Should you have a project that you think could benefit from Opportunity Zones investments or are seeking ways to facilitate investments, please reach out to members of the Ballard Spahr team for guidance and help brainstorming around issues and questions.

HUD recently issued a set of answers to frequently asked questions to provide further guidance on a new method of disposing of public housing in conjunction with a RAD conversion (the “FAQ”).   Earlier this year, HUD issued Notice PIH 2018-04 (HA) (the “PIH Notice”) addressing a number of public housing demolition and disposition issues.  In particular, Section 3.A.3.c of the PIH Notice permits a housing authority implementing a Rental Assistance Demonstration (“RAD”) project that involves new construction or substantial rehabilitation (defined as involving hard construction costs inclusive of general requirements, overhead and profit, and payment and performance bonds exceeding 60% of the HUD-published Housing Construction Costs) without the benefit of a 9% low-income housing tax credit financing.

For such projects, HUD will allow up to 25% of the units within the RAD project to be disposed under Section 18 of the U.S. Housing Act of 1937 (the “Housing Act”) and eligible for Section 8 tenant-protection vouchers with a means of project-basing the vouchers to be administered pursuant to 24 CFR Part 983 (the “PBV”).  At least 75% of the units within the project are to convert in accordance with RAD. The PIH Notice relies on the RAD definition of “project” (defined as “a structure or group of structures that in HUD’s determination are appropriately managed as a single asset. In determining whether a combination of structures constitute a project, HUD will take into account types of  buildings, occupancy, location, market influences, management organization, financing structure or other factors as appropriate. For a RAD PBV conversion, the definition of ‘project’ in 24 CFR § 983.3 continues to apply for all references to the term in 24 CFR § 983.”)  The total number of replacement units created through the combination of the RAD and Section 18 disposition processes must also satisfy RAD’s “substantial conversion of assistance” standards, meaning that conversions may not result in a reduction of the number of assisted units, except by a de minimis amount.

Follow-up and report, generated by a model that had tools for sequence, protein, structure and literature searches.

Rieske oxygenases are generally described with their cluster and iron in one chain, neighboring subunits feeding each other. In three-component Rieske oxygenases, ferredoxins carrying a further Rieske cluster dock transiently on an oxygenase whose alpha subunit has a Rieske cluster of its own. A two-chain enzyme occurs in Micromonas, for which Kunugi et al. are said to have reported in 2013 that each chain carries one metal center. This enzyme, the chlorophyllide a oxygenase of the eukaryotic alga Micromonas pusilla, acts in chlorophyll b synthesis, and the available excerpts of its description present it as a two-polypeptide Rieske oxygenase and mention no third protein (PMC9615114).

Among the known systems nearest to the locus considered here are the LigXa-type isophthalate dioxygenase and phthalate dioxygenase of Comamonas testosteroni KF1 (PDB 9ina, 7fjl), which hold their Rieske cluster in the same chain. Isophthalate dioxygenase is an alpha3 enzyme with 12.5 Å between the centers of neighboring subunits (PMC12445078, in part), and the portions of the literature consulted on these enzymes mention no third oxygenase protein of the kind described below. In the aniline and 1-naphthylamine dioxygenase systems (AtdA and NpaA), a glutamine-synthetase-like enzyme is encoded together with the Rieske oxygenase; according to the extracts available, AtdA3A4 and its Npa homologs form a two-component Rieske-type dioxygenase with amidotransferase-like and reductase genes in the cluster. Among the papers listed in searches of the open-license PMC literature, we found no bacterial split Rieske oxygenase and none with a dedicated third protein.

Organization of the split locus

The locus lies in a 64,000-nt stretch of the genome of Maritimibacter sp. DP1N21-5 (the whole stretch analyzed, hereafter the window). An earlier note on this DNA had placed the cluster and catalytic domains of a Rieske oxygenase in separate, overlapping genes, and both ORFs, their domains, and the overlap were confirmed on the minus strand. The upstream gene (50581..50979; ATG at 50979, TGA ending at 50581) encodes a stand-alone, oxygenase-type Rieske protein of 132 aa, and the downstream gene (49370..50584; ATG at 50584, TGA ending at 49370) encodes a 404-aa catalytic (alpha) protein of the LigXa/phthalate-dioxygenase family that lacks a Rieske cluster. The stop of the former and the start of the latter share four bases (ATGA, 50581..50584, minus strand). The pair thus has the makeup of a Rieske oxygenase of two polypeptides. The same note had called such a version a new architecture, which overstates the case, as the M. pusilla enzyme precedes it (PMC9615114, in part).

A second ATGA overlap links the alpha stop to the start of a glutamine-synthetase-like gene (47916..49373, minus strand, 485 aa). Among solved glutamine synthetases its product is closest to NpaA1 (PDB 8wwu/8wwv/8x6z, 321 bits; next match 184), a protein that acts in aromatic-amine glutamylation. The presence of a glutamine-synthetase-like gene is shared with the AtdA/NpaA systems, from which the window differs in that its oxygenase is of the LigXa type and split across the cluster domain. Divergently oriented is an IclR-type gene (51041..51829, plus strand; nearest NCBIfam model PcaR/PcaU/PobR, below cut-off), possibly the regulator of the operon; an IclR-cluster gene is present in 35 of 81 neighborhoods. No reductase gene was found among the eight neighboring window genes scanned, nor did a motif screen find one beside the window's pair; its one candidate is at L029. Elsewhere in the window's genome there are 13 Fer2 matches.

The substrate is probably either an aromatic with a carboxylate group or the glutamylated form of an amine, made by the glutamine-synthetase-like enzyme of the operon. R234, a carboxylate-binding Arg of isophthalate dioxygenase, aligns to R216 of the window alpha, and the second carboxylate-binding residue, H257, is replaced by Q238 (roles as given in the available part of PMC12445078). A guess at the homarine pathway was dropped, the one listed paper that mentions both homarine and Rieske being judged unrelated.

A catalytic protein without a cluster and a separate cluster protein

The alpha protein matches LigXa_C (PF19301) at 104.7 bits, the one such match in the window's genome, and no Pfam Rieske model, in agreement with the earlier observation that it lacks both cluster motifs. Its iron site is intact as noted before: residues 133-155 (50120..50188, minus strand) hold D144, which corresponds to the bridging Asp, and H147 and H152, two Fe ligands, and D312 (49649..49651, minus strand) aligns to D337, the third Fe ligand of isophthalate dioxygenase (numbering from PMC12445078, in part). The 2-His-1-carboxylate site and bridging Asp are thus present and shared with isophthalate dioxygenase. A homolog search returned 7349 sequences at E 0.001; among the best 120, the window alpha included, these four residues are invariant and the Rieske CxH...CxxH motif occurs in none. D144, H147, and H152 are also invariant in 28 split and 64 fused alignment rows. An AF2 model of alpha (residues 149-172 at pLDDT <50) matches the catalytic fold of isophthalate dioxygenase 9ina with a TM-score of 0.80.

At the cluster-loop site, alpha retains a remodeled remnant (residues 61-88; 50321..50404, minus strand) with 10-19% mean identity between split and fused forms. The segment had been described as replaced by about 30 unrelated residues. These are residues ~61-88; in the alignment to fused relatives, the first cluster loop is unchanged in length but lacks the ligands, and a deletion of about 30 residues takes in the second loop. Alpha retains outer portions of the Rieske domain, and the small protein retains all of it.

The FAQ offers examples and explanations of opportunities that could further enhance the viability of a RAD conversion, including the following:

  • The “substantial conversion of assistance” requirements, for example, could be applied in a manner that would designate more than 25% of the units within a project as regular PBV units under 24 CFR part 983 by placing both the TPVs realized under the Section 18 disposition process, together with the 5 units or 5% RAD de minimis allowance under the regular PBV HAP (FAQ 5).
  • A RAD/Section 18 project would utilize two HAPs – the RAD form of HAP (using the CHAP rents to be adjusted annually pursuant to the Operating Cost Adjustment Factor or OCAF) and the standard Part 983 AHAP/HAP (with rents determined based on the lesser of reasonable rent and up to 110% of the fair market rent subject to annual adjustment) (FAQ # and Initial Processing Instructions).
  • TPVs issued for the public housing units removed pursuant to Section 18 of the Housing Act can be directly project-based when the property “substantially meets Housing Quality Standards” (FAQ 3).
  • The application of relocation protections for all residents across a project regardless of the type of unit occupied by the resident (FAQ 6).
  • While conversion of public housing under RAD does not trigger eligibility for the housing authority to receive Demolition Disposition Transition Funding (i.e., formerly known as Replacement Housing Factor funding) or Asset Repositioning Fee, the housing authority would have access to such funds for the portion of the units removed through Section 18 (FAQ 7).

 

On March 23, the President signed the Consolidated Appropriations Act, 2018 (H.R. 1625), a $1.3 trillion dollar spending bill that funds the federal government through September 30, 2018. In addition to preventing a government shutdown, this omnibus spending bill incorporated the following key provisions that help to strengthen and expand the Low Income Housing Tax Credit (LIHTC):